misspell:
    thresholds:
      num-issues: 10 # Accept Issue of misspelling with 10 tickets

Inspecode was engineered to allow the highest level of customization. Hence, job level thresholds and task level threshold can be mixed. Below you can find an example:

inspecode:
  thresholds:
    num-issues: 10 # Allow up to 10 Issues in the entire job
  rubocop:
    thresholds:
      num-issues: 5 # Allow up to 5 Issues of RuboCop
  misspell:
    thresholds:
      num-issues: 10 # Accept Issue of misspelling with 10 tickets

Configuring Job Status Using Severity Levels

With Inspecode, developers can set the thresholds with even more granularity. For example, a threshold can be set for the number of issues that have a level of severity greater or equal with the one specified. As you already know, Rocro uses four different severity levels:  Info, Warning, Error, and CriticalLet’s have a look at another example:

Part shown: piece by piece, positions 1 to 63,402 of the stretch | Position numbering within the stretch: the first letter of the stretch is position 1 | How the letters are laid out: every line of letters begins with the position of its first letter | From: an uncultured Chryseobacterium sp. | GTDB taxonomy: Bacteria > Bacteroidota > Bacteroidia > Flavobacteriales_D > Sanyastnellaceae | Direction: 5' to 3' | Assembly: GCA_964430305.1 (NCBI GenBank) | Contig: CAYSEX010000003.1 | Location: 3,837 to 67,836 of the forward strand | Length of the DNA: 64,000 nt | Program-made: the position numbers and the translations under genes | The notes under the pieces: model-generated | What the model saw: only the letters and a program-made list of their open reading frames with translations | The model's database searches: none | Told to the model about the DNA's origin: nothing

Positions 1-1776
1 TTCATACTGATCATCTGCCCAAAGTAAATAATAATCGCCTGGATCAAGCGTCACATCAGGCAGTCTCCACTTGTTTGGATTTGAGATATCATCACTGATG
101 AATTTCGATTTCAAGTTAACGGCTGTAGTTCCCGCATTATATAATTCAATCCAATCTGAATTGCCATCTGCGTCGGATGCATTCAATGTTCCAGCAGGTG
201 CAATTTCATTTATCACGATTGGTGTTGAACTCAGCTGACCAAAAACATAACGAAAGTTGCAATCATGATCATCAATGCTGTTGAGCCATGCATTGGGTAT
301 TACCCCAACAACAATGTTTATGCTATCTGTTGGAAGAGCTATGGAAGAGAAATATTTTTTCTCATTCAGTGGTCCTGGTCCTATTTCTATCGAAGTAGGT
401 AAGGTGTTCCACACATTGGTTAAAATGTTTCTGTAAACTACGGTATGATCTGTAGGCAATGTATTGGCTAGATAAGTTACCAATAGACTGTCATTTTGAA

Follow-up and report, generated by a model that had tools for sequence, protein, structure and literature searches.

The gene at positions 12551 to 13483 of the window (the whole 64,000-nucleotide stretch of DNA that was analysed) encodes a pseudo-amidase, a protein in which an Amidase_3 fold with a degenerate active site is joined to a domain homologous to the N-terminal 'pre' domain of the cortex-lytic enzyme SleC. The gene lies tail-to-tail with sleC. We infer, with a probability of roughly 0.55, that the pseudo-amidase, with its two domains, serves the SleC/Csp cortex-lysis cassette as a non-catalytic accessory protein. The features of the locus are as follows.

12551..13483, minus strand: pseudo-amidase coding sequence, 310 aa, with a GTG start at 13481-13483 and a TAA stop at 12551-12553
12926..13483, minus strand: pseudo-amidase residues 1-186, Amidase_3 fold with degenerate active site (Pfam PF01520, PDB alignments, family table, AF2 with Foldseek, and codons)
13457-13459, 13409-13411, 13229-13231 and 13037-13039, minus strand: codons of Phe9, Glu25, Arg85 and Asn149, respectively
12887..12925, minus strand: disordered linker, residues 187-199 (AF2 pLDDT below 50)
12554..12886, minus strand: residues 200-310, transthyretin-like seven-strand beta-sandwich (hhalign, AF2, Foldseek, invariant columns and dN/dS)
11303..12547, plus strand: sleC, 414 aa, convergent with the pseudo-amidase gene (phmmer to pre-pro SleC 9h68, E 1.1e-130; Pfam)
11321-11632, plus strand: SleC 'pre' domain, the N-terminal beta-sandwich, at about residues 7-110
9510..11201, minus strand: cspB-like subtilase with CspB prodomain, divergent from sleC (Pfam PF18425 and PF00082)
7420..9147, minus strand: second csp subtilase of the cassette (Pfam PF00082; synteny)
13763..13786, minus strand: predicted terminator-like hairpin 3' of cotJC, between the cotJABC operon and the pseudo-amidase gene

inspecode:
  rubocop:
    thresholds:
      num-issues:
        total: 10
        warning: 8
        critical: 0

This snippet will set the status to Failed if any of these conditions are met:

  • The total number of issues is greater than 10 or
  • More than 8 issues with warning, error, or critical security level are detected or
  • One or more critical issues are detected

Additional Severity Levels

Not all tools provide the same severity levels. For example, RuboCop supports additional severity levels such as Fatal, Refactor, Convention. Inspecode also allows to set thresholds for those additional severity levels. Here is an example config specifying additional severity levels:

inspecode:
  rubocop:
    thresholds:
      num-issues:
        error: 5
        fatal: 3
        refactor: 10
        convention: 10